Archive for January 2020

Final Instructions before…   Leave a comment

At New Life Christian Fellowship in Pacifica we begin each year with 21days of Prayer and Fasting. During this time we are encouraged to find ways to set things aside and find time to focus on things that God might want to impress upon us for the new year. Often the sacrifices that release the most time to spend with God are related to media, no TV or Social media! However, fasting from food in some way has the additional element of allowing real hunger to remind us of our need to hunger after God.

During this time it can be helpful to find something new to read or meditate upon. This year one of the things I decided to do was to read very slowly and meditate on John Ch 14-17 as these where Jesus’s final conversations with his closest friends before his death, “Final instructions before…” He is preparing them to found the church following his ascension. I am particularly trying to focus on what it must have been like to actually be there and listen to Jesus talk. What did they understand? What did He hope they would understand.?

The first passage I spent time thinking about was Ch 14:1-5 and I noticed that, first, Jesus reassures them and encourages them to trust him. Then He says something that must have been pretty mysterious to them. It seems he must have realized that they would need that trust to accept those things they did not really understand yet. When He stated that they “knew where He was going” I think I would have had said as Thomas did ” we have no idea where you are going so how can we know the way?“, (v5). As I thought about it for a while I could not help wondering what were the things that Jesus had taught them that made Him say v4 ” you know the way to where I am going‘? Did they miss them or just misunderstand them?

So for me, this was a good reminder often there are aspects of our walk with Jesus that are mysterious and we need simply to trust Him. It also made me want to take some time to contemplate lessons I have learned in my walk with Jesus and ask if there are parts of those lessons that have still more significance for the future. For that day I stopped my meditation there and made some notes in my journal knowing there was more to come in these pivotal chapters.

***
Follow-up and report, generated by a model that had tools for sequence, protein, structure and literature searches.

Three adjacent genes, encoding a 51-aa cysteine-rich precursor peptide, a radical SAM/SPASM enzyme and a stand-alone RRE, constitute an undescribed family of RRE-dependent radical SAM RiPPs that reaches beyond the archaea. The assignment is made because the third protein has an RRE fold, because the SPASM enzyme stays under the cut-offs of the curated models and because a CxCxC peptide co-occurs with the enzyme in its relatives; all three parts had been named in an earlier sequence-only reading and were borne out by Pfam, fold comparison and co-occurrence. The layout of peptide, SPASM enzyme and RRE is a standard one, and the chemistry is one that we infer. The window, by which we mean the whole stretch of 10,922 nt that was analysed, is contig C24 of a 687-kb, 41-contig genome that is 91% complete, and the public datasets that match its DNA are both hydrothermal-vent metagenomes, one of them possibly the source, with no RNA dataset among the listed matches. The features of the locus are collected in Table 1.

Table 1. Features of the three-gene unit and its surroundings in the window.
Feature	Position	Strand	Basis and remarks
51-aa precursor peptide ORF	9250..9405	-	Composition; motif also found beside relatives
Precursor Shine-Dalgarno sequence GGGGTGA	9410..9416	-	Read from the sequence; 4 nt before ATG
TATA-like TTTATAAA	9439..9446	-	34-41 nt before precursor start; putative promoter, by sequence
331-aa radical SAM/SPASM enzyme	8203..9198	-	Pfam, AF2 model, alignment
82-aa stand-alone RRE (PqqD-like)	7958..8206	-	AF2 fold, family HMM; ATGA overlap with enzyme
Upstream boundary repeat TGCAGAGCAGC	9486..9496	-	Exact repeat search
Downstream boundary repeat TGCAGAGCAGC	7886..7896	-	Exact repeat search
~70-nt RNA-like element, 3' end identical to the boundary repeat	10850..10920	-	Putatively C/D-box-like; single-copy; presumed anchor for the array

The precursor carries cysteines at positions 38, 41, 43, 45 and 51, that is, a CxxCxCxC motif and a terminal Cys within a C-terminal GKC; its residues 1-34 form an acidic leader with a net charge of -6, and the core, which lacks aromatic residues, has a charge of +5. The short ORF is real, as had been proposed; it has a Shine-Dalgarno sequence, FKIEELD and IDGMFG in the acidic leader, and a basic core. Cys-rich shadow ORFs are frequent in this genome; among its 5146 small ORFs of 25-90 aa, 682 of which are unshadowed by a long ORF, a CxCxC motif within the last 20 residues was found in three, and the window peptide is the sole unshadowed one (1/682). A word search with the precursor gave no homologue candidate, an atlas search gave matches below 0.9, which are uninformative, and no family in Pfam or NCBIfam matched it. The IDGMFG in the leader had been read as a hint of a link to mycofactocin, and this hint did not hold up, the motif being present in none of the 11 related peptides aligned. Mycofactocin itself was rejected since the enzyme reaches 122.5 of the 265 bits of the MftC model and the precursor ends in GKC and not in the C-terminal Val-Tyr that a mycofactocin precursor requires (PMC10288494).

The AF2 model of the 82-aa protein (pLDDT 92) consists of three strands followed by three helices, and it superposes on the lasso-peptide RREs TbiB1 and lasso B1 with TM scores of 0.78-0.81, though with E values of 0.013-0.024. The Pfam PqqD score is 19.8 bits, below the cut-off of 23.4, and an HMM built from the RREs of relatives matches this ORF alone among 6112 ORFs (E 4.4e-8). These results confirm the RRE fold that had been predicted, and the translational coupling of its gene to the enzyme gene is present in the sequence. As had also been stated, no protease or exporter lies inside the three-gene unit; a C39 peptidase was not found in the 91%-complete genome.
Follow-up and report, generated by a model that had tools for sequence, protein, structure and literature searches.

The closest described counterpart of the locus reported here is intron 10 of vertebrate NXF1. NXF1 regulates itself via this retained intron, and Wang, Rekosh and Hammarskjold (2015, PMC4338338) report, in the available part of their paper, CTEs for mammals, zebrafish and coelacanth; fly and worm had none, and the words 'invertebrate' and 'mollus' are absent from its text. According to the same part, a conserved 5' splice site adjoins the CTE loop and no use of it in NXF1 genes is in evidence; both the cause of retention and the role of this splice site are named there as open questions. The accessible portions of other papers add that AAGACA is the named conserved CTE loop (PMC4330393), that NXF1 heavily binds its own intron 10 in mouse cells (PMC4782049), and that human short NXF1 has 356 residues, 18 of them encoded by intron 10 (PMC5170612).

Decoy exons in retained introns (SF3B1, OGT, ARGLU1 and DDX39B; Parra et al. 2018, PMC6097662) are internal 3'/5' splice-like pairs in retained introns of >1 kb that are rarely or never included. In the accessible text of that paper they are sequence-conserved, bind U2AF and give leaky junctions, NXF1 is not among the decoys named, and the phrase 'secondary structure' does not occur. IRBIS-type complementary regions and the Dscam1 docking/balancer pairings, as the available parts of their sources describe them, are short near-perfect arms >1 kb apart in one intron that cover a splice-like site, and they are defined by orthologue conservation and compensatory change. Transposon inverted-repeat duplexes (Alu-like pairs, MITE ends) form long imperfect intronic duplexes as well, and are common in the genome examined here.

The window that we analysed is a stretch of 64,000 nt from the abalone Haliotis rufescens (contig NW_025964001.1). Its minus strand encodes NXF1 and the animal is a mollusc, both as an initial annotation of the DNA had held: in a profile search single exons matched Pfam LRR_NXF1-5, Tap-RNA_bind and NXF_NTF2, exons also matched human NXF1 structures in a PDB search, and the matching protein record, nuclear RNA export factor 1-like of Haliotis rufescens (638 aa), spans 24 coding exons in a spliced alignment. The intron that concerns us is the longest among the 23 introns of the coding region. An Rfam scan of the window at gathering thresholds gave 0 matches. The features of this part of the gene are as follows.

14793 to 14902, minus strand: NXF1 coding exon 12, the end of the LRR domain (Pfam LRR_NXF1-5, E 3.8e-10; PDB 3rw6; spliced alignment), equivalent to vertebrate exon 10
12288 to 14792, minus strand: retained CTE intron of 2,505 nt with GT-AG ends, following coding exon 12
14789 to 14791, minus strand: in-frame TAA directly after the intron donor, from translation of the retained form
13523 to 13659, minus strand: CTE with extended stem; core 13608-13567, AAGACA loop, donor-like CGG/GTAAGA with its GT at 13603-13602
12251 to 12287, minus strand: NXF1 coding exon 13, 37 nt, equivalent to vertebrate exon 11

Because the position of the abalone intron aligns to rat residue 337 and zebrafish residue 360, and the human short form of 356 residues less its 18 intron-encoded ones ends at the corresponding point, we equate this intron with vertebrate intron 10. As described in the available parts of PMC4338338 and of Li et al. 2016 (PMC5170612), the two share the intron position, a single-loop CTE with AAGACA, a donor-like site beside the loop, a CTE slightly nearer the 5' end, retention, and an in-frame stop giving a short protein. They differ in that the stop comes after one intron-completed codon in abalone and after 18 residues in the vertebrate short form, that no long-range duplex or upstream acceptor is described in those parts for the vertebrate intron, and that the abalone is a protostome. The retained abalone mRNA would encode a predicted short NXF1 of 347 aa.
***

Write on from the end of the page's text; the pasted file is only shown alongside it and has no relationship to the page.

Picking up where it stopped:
Do you have any thoughts on this passage or are you reading anything specific during these 21days that you would like to share?

Posted January 20, 2020 by jolm15 in Uncategorized

I have a confession to make!   Leave a comment

When I recently preached on Psalm 32 I was really struck by the significance of confession in the life of a Christian. For many, the word is significantly misunderstood and simply carries the implication of focussing on what we have done wrong and ‘fessing up! The images from the Catholic faith of wooden closets with little windows through which you recount your deepest dark secrets are not I suggest very helpful.

So what does the word mean? Well, at its simplest, it means to acknowledge or confront and can be used in both positive and negative contexts. In his epistle, John urges us to confess our sin but Paul in Romans similarly encourages us to confess that Jesus is Lord (Romans 10:9)*. James, however, suggests that we confess our sin to one another (James 5:16). Given all these different uses of the word in scripture I believe it warrants us looking more carefully at what this should mean for us.

Each of the uses above suggests a different response. The acknowledgment [confession] of having done something wrong, according to David, results in not the burden of shame and guilt but the freedom of forgiveness (Ps 32:5). The confession of Jesus as Lord brings salvation (Rom 10:9) and James tells us that confession of sin to one another results in the prayer support (James 5:16)